The USArray component of the NSF-funded EarthScope project ended its observational period in September 2021 and all remaining close-out tasks concluded in March 2022. Hundreds of seismic stations were transferred to other operators and continue to collect scientific observations. This website is now in an archival state and will no longer be updated. To learn more about this project and the science it continues to enable, please view publications here: and citations of the Transportable Array network DOI 10.7914/SN/TA.

To further advance geophysics support for the geophysics community, UNAVCO and IRIS are merging. The merged organization will be called EarthScope Consortium. As our science becomes more convergent, there is benefit to examining how we can support research and education as a single organization to conduct and advance cutting-edge geophysics. See our Joining Forces website for more information. The site will soon host the new EarthScope Consortium website.

A Continental-scale Seismic Observatory

Quebec-Maine Transect

Quebec-Maine transect crossing three tectonic boundaries

Principal Investigators and Institutions:

William Menke, LDEO / Columbia University

Vadim Levin, Rutgers University

Fiona Darbyshire, UQAM

Alessandro Forte, UQAM

Andrew Hynes, McGill University

Funding Source:

NSF EarthScope

Field Dates: 

8/2012 – 8/2016 (tentative)

Equipment Used:

3 broadband and 6 short-period sensors

Data Status:

318 GB archived

Network Code:  



Our world's continents have been compared to both icebergs and onions. They are like icebergs in that they consist of a buoyant solid floating on a sea of deeper denser material, and also in that they are mostly unseen, with keels extending down to 250 km (150 mi) beneath the Earth's surface. They are like onions in that they consist of a central core surrounded by a sequence of younger layers that has grown around it. The process by which continents were formed remains a geologic mystery. Two of the keys to that mystery lie in the structure of the deepest part of the central core (or "craton", to use the geologic term) and of the boundaries between the layers ("sutures" or "terrain boundaries").

Earthscope's Transportable Array (TA) is a tremendous asset to seismologists studying Earth structure, because it provides extremely high-quality data for the entire land area of the US, a region that includes many important geological features, including plate boundaries, rift zones and hot spots. However, its impact on the "origin of the continents" question is limited, because the core of the continent is not beneath its footprint, but rather lies a little to the north, in Quebec. Our project, timed to take place when the TA is operating in eastern US, is synergistic and provides a companion data set specifically targeted at the cratonic core and surrounding terrain boundaries. We are deploying seismometers in a line stretching from coastal Maine (the edge of the continent) to northern Quebec (its core). The density of stations is variable, and is highest in the three places where terrain boundaries are crossed. We use earth-imaging techniques to test three significant hypotheses: 1) that the bottom of the continental keel is a distinct interface that deepens towards the cratonic core; 2) that the properties of the continent are regionalized (that is, each layer of the onion has its own recognizable properties), with terrain boundaries having a signature that extends right down to the bottom; and 3) that the part of the Earth below the bottom of the continents (the "asthenosphere") is flowing around the keel (in the same sense that ocean water flows around the keel of an iceberg).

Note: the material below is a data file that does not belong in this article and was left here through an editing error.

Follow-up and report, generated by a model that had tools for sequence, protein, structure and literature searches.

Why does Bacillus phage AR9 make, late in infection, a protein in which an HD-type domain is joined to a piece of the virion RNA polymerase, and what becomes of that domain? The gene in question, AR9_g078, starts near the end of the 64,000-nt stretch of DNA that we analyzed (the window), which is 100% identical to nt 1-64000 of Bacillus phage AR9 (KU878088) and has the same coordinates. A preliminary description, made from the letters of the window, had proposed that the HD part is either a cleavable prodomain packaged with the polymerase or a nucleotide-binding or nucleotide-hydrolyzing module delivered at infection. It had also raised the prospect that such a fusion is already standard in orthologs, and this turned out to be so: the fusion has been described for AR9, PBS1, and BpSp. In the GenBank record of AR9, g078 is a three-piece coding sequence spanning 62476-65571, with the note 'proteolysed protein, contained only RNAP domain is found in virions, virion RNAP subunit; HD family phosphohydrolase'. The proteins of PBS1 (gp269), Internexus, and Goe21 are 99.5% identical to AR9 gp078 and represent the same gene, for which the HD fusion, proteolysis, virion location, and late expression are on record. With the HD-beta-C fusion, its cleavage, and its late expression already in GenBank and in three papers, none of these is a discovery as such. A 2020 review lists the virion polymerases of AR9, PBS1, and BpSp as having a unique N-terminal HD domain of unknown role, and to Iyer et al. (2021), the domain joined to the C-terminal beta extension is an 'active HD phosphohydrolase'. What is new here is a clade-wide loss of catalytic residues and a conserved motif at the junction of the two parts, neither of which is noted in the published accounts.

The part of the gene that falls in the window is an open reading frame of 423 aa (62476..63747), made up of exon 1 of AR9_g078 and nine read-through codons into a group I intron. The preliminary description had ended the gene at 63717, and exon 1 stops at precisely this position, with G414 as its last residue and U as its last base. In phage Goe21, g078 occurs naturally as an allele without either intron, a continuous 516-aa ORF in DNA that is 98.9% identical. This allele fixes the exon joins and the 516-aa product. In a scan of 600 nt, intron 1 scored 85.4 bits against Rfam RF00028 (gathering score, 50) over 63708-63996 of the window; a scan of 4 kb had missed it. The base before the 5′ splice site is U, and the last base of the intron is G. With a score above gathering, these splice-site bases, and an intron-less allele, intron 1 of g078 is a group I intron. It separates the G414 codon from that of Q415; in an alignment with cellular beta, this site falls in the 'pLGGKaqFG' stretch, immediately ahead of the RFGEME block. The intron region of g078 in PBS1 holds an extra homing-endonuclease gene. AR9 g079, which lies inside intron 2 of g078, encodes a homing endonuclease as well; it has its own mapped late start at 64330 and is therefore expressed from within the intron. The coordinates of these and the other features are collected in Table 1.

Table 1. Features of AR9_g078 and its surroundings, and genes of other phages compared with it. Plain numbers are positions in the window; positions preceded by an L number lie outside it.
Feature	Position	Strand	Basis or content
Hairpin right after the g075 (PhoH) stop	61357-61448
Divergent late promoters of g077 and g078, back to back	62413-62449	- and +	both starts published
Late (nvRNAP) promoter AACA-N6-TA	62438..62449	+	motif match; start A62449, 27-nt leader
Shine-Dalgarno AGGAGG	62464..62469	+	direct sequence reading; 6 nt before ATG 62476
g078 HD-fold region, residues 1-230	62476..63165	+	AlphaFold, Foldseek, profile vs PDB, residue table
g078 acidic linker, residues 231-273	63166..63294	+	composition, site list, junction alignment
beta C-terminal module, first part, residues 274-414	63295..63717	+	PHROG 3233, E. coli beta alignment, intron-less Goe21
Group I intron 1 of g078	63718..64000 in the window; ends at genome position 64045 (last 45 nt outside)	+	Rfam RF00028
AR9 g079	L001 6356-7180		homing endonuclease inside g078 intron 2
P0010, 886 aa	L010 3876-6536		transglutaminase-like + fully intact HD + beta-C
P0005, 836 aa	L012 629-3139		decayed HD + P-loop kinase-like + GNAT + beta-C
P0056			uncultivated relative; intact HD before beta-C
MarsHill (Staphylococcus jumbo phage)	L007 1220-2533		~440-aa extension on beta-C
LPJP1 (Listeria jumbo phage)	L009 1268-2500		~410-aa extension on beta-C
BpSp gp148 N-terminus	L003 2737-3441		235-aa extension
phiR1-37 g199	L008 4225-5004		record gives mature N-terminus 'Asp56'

The project is supporting two graduate students, providing them with a venue to develop their professional skills as both researcher and teachers. Seismometer operations and data analysis involves undergraduate research assistants, in both summer internship and academic-semester employment modes. During the summer, educational features are incorporated into the fieldtrips to better introduce these undergraduates to the science underpinning the project and more generally to prepare them for a career in science. These include daily science discussions, stops to view important geological features and visits with scientists from collaborating institutions.

Tomographic map showing location of Quebec-Maine transect relative to the rest of USArray

Unloading and testing seismic equipment

Programming the DAS during station installation/servicing

A completed station install

Repairing a damaged station

Local wildlife


Levin et al., As sharp as you can measure: constraint on the vertical extent of the crust-mantle boundary beneath North American craton (Superior Province, Quebec), presented at 2015 EarthScope national meeting.

Menke et al., Appalachian Front is a Shallow Feature: Insight From Studies of Seismic Wave Speed in the Mantle, presented at 2015 spring AGU meeting.

Servali et al., Detailed study of the Moho boundary in the Superior province of Quebec, presented at 2015 spring AGU meeting.

Dunham et al., Seismic constraints of the crustal structure of the Appalachian Front: An investigation of the St. Lawrence River Valley, presented at 2015 spring AGU meeting.

Klaser et al., Superior Layer-cake: An Investigation of the Mid-Lithospheric Discontinuity in the Superior Craton in Quebec, Canada, presented at 2015 spring AGU meeting.

Levin et al., Superior Layer-Cake: Gradual Lower Boundary and Textured Interior of the Lithosphere, presented at 2015 spring AGU meeting.

Klaser et al., Lithospheric Inventory: An Exploration of Quebec, Canada with P-to-S Receiver Functions, presented at 2014 fall AGU meeting.